Manuel Keßler, Institut für Aerodynamik und Gasdynamik
Local Project ID:
HPC Platform used:
Hazel Hen of HLRS
Using state-of-the-art simulation technology for highly resolved computational fluid dynamics (CFD) solutions, the helicopter and aeroacoustics group at the Institute of Aerodynamics and Gasdynamics at the University of Stuttgart has simulated the complex aerodynamics, aeromechanics, and aeroacoustics of rotorcraft for years. By advancing the established flow solver FLOWer, which now integrates higher order accuracy and systematic concentration of spatial resolution in targeted regions, the IAG-based group was able to obtain results for complete helicopters at certification-relevant flight states within the variance of individual flight tests for the aerodynamic noise.
The helicopter and aeroacoustics group at IAG has simulated the complex aerodynamics and aeromechanics of rotorcraft since the early 1990s. The group added aeroacoustics to its areas of study a couple of years later, using modern-day simulation technology for highly resolved computational fluid dynamics (CFD) solutions, postprocessed to compute noise exposure at arbitrary observer points by means of the Ffowcs Williams-Hawkings approach.
Although most of the sound produced by a helicopter is generated by the main rotor, transport phenomena like shielding and reflection effects at the fuselage can change the noise pattern significantly, depending on the flight state. These effects can be handled by choosing an appropriate integration surface for the postprocessing step, namely surrounding the full aircraft. However, this requires an extremely accurate flow solver providing input data.
The IAG-based group has advanced the decade-long established flow solver FLOWer, integrating higher order accuracy and systematic concentration of spatial resolution in targeted regions, and has enabled results for complete helicopters at certification-relevant flight states within the variance of individual flight tests for the aerodynamic noise. The consideration of the fuselage influence was of paramount importance to meet absolute noise figures with this first principles approach, appropriate for new configurations, a success unrivalled within the international helicopter research community.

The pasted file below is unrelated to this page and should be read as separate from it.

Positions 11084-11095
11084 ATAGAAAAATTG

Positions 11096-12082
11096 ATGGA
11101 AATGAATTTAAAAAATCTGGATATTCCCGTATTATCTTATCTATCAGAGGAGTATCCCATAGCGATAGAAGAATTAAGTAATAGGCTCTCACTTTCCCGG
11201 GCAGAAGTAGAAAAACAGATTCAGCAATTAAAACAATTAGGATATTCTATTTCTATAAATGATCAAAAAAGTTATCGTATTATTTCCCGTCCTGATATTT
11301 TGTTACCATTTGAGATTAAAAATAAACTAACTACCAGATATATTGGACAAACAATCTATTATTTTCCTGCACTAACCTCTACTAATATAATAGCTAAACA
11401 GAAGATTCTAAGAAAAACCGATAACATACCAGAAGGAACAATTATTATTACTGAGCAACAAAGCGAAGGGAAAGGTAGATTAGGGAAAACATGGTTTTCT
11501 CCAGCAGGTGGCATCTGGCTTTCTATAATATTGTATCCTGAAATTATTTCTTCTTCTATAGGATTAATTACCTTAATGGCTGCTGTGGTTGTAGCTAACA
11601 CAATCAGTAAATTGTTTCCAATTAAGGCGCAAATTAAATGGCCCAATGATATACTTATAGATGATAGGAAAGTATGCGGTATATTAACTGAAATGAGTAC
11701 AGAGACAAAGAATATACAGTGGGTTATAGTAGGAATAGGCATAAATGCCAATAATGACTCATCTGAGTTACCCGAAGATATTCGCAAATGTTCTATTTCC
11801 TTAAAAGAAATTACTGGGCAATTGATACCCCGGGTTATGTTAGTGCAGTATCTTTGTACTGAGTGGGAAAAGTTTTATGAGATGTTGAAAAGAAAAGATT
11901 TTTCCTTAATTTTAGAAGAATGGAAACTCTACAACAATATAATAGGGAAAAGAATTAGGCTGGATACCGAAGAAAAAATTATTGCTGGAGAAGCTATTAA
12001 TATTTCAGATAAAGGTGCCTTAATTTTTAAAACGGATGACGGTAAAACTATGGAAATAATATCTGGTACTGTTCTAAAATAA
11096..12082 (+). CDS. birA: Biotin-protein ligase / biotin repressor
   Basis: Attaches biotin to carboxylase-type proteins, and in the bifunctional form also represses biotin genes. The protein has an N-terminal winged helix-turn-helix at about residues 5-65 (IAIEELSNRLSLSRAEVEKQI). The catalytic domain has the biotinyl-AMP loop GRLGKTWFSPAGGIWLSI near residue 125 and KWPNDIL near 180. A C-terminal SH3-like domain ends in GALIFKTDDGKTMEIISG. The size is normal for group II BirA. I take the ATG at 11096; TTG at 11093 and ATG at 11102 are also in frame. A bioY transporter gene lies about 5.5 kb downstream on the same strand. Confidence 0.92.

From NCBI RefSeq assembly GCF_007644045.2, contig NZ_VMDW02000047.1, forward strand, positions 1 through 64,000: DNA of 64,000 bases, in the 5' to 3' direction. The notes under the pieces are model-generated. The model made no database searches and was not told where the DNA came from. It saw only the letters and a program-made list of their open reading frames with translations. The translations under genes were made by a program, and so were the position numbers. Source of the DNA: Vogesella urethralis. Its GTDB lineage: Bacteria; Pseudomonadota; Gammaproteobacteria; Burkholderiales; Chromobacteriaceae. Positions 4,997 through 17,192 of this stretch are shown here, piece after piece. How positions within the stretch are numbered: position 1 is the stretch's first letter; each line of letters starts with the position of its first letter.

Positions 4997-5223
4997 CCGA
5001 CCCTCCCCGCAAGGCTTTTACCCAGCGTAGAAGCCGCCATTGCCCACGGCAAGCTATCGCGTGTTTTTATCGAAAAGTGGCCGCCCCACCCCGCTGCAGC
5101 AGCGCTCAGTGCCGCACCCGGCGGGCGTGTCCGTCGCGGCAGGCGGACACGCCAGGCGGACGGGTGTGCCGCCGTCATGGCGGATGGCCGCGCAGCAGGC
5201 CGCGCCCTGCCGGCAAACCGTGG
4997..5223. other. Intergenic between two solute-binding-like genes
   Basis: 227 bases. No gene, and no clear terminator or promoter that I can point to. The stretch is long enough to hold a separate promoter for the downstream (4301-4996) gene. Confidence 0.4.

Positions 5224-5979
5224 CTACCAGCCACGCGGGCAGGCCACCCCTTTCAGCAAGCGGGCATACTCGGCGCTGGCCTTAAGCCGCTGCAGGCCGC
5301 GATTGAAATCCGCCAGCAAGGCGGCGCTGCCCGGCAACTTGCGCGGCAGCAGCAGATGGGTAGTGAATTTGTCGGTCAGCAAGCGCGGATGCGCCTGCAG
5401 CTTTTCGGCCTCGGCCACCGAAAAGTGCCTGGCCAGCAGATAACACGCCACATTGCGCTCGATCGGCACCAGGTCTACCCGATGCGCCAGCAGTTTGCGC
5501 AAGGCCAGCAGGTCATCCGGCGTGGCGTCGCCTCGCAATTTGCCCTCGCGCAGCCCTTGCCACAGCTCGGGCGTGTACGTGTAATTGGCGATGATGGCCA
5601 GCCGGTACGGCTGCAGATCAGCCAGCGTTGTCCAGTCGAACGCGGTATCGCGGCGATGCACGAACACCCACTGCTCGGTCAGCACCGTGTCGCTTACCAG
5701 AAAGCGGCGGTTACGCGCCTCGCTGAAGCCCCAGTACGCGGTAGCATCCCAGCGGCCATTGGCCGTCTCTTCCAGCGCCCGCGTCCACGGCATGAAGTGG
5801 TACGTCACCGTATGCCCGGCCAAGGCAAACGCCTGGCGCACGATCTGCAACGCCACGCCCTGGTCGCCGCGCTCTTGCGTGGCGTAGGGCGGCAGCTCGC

The prosperous growth of the group induced a corresponding demand for computing resources to extend the technology to more flight cases and other applications. Consequently, in 2017 the acoustic activities were split from our long-running HELISIM project. The latter is still active and concentrates on aerodynamic and flight mechanic investigations.
Recent CARo results pertain to acoustic interference effects on a compound helicopter with lateral propellers, as seen in this noise carpet, as well as advances including non-deterministic broadband noise for various flight states.
In a different, but related application, the same simulation technology is used for Contra-Rotating Open Rotors (CROR), a prospective propulsion technique for future short- and medium-range aircraft with significantly improved fuel efficiency. However, severely increased noise levels create a demand for acoustic shielding, for example by integration into the empennage of an airliner. The proper positioning is just one aspect of active research in this area.
The simulation technology developed and advanced in the helicopter group at IAG helps to understand such integration and interference phenomena of sound propagation, the influence of relevant parameters, and the underlying physics. The corresponding accurate representation of noise sources is provided by high-fidelity CFD simulations of complex configurations, the foundation for which was and is built within the adjacent HELISIM project. In this combination, ground-breaking research enables the development of helicopters and related rotating machines with reduced noise at equivalent or improved performance.
Dr. Manuel Keßler, Dipl.-Phys.
Institut für Aerodynamik und Gasdynamik
Pfaffenwaldring 21, D-70550 Stuttgart (Germany)
e-mail: kessler [@] iag.uni-stuttgart.de